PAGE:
The FDIC and OCC put out a joint statement on heightened cybersecurity risk concerns. This 'heightened' concern has bubbled up from the concerns in the Middle East and specifically, Iran. In our nation's history, oceans have been one of our primary defenses, but in today's interconnected world, barriers for state-sponsored cyberattacks have been removed. I spent some time discussing the 6 Questions to Answer in Part 1, and today I wanted to dive into Authentication.

Part 2 - Authentication. Here are three key points to understand on the joint statement specific to Authentication.

Two Factor Authentication - The regulators are aware of hackers getting around our password processes, and two-factor authentication (SMS or Application) makes getting around password risks more difficult. Credential stuffing is a real risk https://owasp.org/www-community/attacks/Credential_stuffing. Think about how many times have you reused a password or a similar password. How many times has your account password been compromised? (Remember this started years ago with your myspace account and yahoo account and continues to happen). Check out this website to see if your email address has been linked to passwords being compromised: https://haveibeenpwned.com/.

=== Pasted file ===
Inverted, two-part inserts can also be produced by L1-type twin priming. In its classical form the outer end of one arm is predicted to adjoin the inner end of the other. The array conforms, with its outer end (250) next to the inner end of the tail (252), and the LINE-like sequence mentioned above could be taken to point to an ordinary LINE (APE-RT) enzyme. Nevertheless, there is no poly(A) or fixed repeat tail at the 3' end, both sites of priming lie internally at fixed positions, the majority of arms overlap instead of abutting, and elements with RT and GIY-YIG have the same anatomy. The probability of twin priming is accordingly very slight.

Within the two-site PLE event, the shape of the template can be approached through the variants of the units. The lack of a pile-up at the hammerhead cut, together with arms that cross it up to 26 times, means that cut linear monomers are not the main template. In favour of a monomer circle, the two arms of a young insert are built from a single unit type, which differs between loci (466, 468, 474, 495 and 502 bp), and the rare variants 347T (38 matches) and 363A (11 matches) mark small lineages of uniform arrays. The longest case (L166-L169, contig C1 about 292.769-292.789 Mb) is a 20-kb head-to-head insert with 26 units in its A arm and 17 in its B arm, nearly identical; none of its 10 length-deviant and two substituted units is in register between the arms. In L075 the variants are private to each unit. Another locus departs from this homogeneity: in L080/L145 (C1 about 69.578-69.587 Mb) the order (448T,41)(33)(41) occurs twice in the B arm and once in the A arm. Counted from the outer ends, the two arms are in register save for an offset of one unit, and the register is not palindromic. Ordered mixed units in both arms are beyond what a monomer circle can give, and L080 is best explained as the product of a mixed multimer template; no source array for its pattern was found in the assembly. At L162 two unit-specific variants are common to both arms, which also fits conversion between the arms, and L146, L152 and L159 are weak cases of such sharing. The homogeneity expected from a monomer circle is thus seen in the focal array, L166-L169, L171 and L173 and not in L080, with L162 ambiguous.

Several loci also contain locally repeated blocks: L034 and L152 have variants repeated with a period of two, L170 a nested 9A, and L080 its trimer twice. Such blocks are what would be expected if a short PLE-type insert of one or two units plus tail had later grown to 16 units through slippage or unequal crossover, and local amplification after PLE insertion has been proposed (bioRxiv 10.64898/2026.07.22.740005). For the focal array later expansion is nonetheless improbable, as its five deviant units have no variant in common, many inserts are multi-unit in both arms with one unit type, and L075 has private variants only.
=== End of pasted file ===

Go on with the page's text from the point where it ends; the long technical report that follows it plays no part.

Regular User Reviews - A subtle change but a big impact - The regulators recommend to regularly review user access in the statement, but in previous guidance in the FFIEC Information Security Booklet and the Cybersecurity Assessment Toolkit, they have referenced periodic reviews. Focusing on more frequent user access reviews is the biggest change we found in our review.

Privileged Accounts - Limiting the number, restricting usage, and monitoring of privileged accounts is a critical step. "When" the bank is compromised, (I still like to say "if", but it isn't realistic today) hackers will target these privileged accounts.

Key Questions to Ask Your Team:

  1. When was the last time we performed our user review? How many systems do we have where we add employee access? What's the process we have to go through to increase the frequency?
  2. How many administrator accounts do we have?
  3. Does each internal administrator have a regular user account and an administrator account?
  4. How do we manage and track our vendor accounts? Make sure to focus on vendors that have access (core, integration, managed services)
  5. Are there any systems that have the ability to implement two-factor authentication that we haven't integrated?
  6. Does our managed services vendor leverage two-factor authentication for their access and support to the network and systems?

If you have six minutes more, I recorded a video summary on the statement as well: